The FPB 97 has a wicked amount of fuel and water capacity, so much so that only in special circumstances would the full amounts of either ever be carried. The weight and position of these liquids obviously have a substantial impact on fore and aft trim and stability. We are dealing with close to 37,000 liters/9,800US gallons of capacity (after deducting for structure, separating coffer dams, and stabilizer coffers).
The drawing above shows the tanks at half height. There are many ways to calculate volume, and we normally employ two methods as added insurance, it being easy to get these figures wrong. The data above is from our 3D modeling software. It tells us the volume and center of each tank section. We double check this using sectional area at each station, as indicated in our hydrostatic analysis. A deduction is then made for the structure. Being a metal boat, this is usually in the range of three percent (fiberglass tanks can cost as much as 10% of the volume for structure).
Between diesel and fresh water tanks there is an open area, called a coffer dam. This separation exists to isolate the tanks in case a leak develops.
Deciding how to divide the total volume is relatively simple, at least in theory. There needs to be enough fresh water capacity so its weight can replace diesel burned on a long passage if there are risks of severe weather. Unless the FPB 97 were caught by a vicious storm and very light on diesel, you would not use more than half the fresh water capacity. But in rare situations it might all be warranted.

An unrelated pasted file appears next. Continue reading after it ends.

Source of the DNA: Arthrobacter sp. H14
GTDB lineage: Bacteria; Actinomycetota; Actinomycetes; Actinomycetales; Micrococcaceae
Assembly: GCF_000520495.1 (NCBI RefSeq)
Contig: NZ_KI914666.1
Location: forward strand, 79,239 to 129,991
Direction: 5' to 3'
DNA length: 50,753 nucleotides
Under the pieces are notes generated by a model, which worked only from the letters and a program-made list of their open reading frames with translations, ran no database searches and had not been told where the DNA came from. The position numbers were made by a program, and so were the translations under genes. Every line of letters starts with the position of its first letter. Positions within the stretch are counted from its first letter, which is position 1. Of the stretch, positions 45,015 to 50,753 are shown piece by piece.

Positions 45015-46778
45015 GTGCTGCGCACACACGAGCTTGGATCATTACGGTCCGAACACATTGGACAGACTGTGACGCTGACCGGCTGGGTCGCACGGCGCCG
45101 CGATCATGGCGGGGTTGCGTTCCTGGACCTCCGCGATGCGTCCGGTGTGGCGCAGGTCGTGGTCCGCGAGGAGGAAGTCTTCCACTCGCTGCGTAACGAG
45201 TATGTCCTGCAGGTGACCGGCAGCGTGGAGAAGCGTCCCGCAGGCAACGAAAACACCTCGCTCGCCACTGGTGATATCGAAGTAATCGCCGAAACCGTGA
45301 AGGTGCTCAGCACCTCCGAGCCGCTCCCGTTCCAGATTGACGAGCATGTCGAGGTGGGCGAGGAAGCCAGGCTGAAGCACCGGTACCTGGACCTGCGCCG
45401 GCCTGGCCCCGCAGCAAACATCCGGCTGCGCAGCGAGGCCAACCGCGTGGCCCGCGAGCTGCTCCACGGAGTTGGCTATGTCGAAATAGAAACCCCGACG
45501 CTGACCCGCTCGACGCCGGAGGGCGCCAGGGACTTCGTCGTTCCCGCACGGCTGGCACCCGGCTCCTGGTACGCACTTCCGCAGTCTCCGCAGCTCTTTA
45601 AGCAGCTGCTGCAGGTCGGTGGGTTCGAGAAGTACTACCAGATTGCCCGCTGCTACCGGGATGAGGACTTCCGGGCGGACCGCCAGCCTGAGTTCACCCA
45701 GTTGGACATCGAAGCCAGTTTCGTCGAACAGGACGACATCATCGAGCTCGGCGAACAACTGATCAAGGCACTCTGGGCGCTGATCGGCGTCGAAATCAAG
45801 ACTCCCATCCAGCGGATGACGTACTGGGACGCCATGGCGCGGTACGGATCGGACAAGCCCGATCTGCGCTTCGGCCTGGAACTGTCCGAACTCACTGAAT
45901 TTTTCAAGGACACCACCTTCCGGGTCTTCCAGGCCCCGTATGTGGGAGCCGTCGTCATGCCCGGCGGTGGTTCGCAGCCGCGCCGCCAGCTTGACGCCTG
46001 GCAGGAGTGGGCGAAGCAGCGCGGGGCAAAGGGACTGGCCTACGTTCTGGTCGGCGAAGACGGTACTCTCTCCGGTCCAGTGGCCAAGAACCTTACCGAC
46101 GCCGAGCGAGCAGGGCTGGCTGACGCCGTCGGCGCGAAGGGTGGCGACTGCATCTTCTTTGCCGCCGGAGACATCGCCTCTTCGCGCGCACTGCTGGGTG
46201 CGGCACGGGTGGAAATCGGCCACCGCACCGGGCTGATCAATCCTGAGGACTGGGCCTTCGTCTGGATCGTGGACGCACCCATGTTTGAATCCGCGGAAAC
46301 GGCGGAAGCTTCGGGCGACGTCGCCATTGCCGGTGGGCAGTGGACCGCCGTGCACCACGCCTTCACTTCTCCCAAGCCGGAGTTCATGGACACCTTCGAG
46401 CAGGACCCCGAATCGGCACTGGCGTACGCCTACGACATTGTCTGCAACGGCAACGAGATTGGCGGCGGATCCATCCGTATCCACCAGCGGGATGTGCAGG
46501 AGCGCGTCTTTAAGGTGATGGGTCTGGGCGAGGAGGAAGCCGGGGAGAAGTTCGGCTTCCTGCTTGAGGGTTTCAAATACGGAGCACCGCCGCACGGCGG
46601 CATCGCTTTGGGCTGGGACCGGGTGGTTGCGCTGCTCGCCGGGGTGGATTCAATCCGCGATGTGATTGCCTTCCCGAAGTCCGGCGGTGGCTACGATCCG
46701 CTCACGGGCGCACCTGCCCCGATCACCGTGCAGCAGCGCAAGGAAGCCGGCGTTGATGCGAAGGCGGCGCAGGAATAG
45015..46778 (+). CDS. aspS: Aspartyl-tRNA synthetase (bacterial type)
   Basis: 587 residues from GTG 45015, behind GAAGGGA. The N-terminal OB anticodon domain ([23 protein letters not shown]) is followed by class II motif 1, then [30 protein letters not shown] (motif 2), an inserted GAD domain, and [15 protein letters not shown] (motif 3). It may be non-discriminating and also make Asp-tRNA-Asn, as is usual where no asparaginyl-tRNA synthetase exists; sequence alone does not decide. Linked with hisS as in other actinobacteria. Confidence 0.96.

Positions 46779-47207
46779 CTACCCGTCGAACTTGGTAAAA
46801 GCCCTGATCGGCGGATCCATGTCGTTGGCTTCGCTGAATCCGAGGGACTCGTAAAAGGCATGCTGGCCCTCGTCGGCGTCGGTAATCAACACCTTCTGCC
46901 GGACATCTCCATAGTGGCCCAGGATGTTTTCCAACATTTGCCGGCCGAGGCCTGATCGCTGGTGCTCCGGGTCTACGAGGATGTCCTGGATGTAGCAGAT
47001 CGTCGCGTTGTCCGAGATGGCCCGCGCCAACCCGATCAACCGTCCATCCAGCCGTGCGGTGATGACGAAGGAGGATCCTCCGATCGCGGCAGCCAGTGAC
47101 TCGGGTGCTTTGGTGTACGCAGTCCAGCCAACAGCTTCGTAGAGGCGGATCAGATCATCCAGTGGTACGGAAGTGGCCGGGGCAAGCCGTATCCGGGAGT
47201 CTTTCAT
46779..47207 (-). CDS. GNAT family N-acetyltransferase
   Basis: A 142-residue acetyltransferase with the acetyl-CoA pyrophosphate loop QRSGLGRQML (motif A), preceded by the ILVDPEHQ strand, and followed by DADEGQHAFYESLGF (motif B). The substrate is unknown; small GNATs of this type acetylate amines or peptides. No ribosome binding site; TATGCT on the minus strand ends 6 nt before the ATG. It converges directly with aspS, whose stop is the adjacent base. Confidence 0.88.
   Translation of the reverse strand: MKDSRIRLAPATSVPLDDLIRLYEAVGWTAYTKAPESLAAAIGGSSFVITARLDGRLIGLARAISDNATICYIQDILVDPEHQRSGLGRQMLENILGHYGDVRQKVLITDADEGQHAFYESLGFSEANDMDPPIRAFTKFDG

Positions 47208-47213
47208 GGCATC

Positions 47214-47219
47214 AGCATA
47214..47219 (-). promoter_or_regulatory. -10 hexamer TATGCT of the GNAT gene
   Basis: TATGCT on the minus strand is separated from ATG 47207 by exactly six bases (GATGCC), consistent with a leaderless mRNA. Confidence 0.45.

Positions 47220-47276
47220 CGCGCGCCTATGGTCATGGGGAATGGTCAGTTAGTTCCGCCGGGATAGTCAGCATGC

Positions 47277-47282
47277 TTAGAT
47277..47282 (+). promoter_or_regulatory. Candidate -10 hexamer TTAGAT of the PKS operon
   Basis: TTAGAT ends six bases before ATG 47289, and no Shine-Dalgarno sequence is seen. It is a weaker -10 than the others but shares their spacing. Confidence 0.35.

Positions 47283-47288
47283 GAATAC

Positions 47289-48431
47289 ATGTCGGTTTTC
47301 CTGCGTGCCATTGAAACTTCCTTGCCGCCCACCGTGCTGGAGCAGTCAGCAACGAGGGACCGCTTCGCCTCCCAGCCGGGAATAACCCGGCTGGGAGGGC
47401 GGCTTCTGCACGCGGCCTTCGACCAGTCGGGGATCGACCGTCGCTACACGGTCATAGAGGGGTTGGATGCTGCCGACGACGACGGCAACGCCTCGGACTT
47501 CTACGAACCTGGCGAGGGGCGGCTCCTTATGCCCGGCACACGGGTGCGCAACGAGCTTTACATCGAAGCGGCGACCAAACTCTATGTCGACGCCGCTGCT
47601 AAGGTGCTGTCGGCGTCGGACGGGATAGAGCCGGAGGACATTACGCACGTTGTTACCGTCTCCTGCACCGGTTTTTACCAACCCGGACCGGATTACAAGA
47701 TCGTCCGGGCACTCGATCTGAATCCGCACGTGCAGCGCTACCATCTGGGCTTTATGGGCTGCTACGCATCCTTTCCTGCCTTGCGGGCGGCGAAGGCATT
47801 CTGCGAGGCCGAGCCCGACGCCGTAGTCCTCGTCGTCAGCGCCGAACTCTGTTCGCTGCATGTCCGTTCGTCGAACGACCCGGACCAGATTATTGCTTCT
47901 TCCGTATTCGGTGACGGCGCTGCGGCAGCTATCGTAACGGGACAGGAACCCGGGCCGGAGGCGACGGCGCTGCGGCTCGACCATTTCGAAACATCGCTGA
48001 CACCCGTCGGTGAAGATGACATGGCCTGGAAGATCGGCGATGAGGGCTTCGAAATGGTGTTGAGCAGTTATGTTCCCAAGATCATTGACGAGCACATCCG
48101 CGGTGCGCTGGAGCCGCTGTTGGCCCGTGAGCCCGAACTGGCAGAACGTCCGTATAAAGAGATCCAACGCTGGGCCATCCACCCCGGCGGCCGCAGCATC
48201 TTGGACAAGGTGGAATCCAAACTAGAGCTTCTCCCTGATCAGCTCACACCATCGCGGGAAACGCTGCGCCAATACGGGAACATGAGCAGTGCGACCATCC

That leaves the diesel, and how much fuel do you really need or want to carry? While there are some absolute stability issues involved with the fresh water, beyond a certain level extra fuel is not usually going to be warranted.
How does one decide the correct ratios? This is where we encounter the baseline issue: how is the boat going to be used? For everyday, local cruising, where fuel supply disruption or availability is not a concern, a thousand gallons/4000 liters, is going to last a long time. Let’s say you are spending the summer on the East Coast of the US. Lets assume 800 US gallons/3000 liters is aboard. That is enough to take you something like 1100+ NM at 11 knots. With the solar array supplying at-anchor power, daily generator consumption will be minimal.
On the other hand, if you think prices are going up, or you have found a deal, it might pay to load up. We’d probably be content with 4000 US gallons/15,000 liters. This stretches the range to well past trans-Atlantic. Concerned about the geopolitical risks? Then fill her up. We’re now talking 6800 US gallons/25,700 liters. If you want to really stretch the range, change one of the two props to a folding wheel, reduce pitch on the fixed prop a touch, and back off to 200 NM per day. Watch your weather carefully, and minimize the air conditioning loads, and you just might do a circumnavigation without refueling.
The last part of this decision-making process is where the fuel and water is placed in the hull, and how the tanks are segmented. Here the issue is minimizing trim impact as fuel is consumed, and maximizing the leverage of the fresh water to change the trim, should it be desired.
The centralized fuel tanks have little impact on longitudinal trim as fuel load is changed. As the fuel load lightens, there will be a tendency to trim by the stern, generally a good thing for the performance and control. But if you prefer even trim, this can be easily compensated by adding a little water forward. Three water and four fuel tanks allow a high degree of flexibility,
We’ll discuss fuel consumption at various speeds, and trim considerations, in separate posts.